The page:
(e) Potential adverse environmental impacts to the quality of the air and water associated with the activities for reclamation; and

    (f) Future access to mineral resources.

4.  Upon request by the applicant, the return of material to the open pit from which it was extracted shall be considered to be not feasible for the purposes of reclamation.

5.  If an open pit or rock face is exempted from reclamation, public safety must be provided for by means other than reclamation, including, but not limited to, restrictions on access to the site or restrictions on the deed to the property.”

In most cases in accordance with section 5 above reclamation of pit lakes involves some stabilization of pit walls and fencing off the pit lake to prevent human intrusion.  NDEP does according to NAC 519A.345b have authority “if appropriate” to require certain reclamation as stipulated in subsection 9:

“9.  Open pit mines by:

    (a) Performing activities that will provide for public safety;

    (b) Stabilizing pit walls or rock faces where required for public safety;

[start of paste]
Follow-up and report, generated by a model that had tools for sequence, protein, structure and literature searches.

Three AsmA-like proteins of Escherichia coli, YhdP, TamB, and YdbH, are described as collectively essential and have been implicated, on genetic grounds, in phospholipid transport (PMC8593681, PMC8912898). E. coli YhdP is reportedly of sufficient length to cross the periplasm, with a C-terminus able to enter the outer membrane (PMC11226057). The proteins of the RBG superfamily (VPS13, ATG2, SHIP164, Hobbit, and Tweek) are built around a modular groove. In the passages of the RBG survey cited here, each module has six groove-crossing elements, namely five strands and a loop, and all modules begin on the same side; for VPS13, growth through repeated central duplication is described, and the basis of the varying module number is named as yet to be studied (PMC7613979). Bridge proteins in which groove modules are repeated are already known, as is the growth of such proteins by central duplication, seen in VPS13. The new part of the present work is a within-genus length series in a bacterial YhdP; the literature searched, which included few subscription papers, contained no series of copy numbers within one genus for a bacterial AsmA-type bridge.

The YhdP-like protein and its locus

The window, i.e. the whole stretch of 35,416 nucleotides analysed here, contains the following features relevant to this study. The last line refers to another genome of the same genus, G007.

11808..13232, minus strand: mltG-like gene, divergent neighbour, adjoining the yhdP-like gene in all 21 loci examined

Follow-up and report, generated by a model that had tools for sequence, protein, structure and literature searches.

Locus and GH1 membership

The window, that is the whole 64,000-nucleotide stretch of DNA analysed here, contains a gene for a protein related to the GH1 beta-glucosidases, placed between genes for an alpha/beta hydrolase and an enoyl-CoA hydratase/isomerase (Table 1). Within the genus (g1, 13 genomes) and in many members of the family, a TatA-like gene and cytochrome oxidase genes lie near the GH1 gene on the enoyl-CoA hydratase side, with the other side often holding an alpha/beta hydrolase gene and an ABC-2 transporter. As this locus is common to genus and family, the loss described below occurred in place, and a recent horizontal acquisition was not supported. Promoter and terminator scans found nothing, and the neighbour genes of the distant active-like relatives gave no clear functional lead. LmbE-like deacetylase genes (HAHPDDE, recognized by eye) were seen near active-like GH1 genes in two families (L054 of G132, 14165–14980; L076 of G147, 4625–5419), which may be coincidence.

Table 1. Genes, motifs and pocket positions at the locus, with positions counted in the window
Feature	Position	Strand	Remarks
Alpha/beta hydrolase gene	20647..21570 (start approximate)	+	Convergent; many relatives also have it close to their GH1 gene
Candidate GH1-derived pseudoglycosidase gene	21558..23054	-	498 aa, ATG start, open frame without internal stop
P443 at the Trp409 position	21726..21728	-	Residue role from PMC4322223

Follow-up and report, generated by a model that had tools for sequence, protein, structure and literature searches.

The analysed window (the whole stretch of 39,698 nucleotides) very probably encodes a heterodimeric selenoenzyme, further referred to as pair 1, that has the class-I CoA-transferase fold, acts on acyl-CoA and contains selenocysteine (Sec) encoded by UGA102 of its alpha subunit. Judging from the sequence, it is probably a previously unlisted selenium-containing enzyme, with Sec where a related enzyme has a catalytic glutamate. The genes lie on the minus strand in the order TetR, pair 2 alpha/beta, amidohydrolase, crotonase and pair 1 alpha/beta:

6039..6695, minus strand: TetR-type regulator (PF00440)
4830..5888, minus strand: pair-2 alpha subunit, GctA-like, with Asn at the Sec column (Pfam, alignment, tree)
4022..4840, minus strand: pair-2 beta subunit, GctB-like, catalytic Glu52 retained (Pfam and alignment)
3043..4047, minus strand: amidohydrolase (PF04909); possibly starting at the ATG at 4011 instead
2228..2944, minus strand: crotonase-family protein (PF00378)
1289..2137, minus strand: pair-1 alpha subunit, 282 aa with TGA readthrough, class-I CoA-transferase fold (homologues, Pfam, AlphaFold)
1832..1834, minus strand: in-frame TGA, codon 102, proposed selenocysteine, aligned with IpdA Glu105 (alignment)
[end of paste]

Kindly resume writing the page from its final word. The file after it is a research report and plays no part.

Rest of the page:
(c) Constructing and maintaining berms, fences or other means of restricting access;

    (d) Creating a lake for recreational use, wildlife or other uses; and

    (e) Revegetation.

     (f) Reclamation of open pits or rock faces does not require backfilling although backfilling in whole or in part with waste rock from an adjacent mining operation may be encouraged if backfilling is feasible and does not create additional negative environmental impacts.”

Thus, a use could be established for a pit lake, but just as with the water quality regulations it is not required by law and conditional within the discretion of the agency.

If the mine is on public (federal) land or both private and public land then it is the federal land management agency (often the Bureau of Land Management or Forest Service) that determines post-mining land use.  The State of Nevada retains its authority through NDEP to designate beneficial use of the water.  In accordance NAC 519A.150 and NAC 519A.155 the Nevada reclamation permit is incorporated into the Plan of Operations the mining company submits to the federal agency, and is reviewed to the same level of detail for public and private land.  Generally, the federal agency holds the surety only for projects where the majority of the disturbance will be on public land; NDEP holds the bond for projects where the majority of the disturbance will be on private property. The federal agencies and NDEP work cooperatively through MOU’s to ensure the reclamation of lands disturbed by mining and exploration.